Makes sense, you need the hype first. You’re playing in Singapore this month, and flying to Japan after. Being a musician from a small town in Iceland, does being transplanted to all these major cities get overwhelming?
Of course! When I was 16 I moved to the capital of Iceland, Reykjavik, and for the first 2 years it was really overwhelming for me, to the point that I had to go back to my hometown just to stay over the weekend. We started touring a lot this year, and it felt the same going to New York, London, and all the really, really big cities. But it also made me see Iceland in a different way – now I think of Reykjavik as a small city and a really comfortable, easy place to live in. Although it didn’t take that long to feel relaxed in the bigger cities mentioned. I’m getting the hand of it now – we must have been to London 7 times already.

“I originally wrote most of the lyrics in sort of an English way, but actually they were written in a nonsense language.”

Some Icelandic bands don’t even need to sing in English to gain popularity outside Europe – hell, Sigur Rós sings in a made-up language. Why did you choose to rerecord your debut album in English instead of releasing it as it was?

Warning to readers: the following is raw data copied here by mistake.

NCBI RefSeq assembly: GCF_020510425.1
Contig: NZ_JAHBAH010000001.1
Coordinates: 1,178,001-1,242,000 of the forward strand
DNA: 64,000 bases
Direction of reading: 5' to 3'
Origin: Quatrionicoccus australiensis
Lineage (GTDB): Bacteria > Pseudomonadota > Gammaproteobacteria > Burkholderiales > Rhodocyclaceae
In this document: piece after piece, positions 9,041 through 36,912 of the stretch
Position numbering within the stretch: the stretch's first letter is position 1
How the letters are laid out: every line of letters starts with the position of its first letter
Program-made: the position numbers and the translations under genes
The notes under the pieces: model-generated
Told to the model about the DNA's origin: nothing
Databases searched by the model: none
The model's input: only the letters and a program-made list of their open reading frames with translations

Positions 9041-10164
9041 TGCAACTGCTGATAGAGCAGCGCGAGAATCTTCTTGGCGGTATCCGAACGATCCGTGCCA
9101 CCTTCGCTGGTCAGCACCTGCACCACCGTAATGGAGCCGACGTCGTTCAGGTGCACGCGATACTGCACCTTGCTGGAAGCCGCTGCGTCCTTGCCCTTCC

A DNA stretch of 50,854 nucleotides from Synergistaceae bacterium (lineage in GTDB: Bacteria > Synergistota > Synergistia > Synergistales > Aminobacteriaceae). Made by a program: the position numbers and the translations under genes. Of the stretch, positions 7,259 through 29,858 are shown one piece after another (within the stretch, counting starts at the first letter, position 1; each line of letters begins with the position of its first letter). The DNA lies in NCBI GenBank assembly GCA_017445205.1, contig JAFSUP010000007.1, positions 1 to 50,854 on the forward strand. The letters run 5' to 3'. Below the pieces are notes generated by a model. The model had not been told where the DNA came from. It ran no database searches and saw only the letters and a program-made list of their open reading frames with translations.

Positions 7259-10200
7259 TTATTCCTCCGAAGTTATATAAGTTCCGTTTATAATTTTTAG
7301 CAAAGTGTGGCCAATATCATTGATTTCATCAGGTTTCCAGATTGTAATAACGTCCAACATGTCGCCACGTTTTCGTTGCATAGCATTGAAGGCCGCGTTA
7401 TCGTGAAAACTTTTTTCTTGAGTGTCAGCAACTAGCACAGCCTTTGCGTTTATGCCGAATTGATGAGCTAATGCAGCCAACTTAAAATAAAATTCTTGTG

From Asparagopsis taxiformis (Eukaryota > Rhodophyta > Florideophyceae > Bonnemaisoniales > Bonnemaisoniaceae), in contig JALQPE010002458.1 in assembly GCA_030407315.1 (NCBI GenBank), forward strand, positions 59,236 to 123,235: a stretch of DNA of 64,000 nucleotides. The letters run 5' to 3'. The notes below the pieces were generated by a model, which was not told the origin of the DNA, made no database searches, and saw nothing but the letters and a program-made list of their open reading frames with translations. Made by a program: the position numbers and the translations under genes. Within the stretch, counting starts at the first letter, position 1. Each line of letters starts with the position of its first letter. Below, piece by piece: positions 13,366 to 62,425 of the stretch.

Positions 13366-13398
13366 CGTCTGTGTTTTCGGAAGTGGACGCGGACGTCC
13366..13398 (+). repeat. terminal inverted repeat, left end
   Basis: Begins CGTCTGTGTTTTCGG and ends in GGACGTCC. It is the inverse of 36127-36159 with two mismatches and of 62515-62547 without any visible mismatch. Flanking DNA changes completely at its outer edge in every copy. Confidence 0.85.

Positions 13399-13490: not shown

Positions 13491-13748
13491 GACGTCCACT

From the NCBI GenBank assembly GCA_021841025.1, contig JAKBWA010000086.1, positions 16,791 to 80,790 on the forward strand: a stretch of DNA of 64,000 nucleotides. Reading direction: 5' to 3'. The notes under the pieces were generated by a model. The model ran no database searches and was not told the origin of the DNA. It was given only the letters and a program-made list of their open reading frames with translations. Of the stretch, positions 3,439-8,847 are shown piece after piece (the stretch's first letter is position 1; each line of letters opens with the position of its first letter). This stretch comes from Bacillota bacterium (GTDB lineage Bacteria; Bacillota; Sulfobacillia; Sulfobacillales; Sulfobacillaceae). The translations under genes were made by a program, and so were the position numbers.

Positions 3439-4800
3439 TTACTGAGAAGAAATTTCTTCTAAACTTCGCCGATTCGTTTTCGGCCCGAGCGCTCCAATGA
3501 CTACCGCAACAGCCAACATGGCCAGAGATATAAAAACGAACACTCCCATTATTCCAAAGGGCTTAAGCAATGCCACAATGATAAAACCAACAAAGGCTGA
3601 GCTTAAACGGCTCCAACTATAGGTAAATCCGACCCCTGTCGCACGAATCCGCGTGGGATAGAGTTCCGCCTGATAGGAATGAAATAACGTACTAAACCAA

When we were recording the Icelandic album in around March 2012, I originally wrote most of the lyrics in sort of an English way, but actually they were written in a nonsense language. Kind of like Sigur Rós’ idea, though it sounded more like English, and people who listened to it did think it was English – it was just nonsense, really (laughs). When I got to the studio for the first time, I was talking to my producer and we spoke about wanting to release an album in Iceland. We had an idea to try to write at least one song in Icelandic, the first person that came to mind to write the lyrics was my father, whom in the end wrote most of the lyrics on the album. Since the songs were written in an ‘English way’ originally, after we made the decision to make an Icelandic album, we wanted to do an English version of the album if we had the time – and coincidentally right after the Icelandic release we had a lot of offers from international labels. Naturally we went ahead with that idea and translated the album [into English].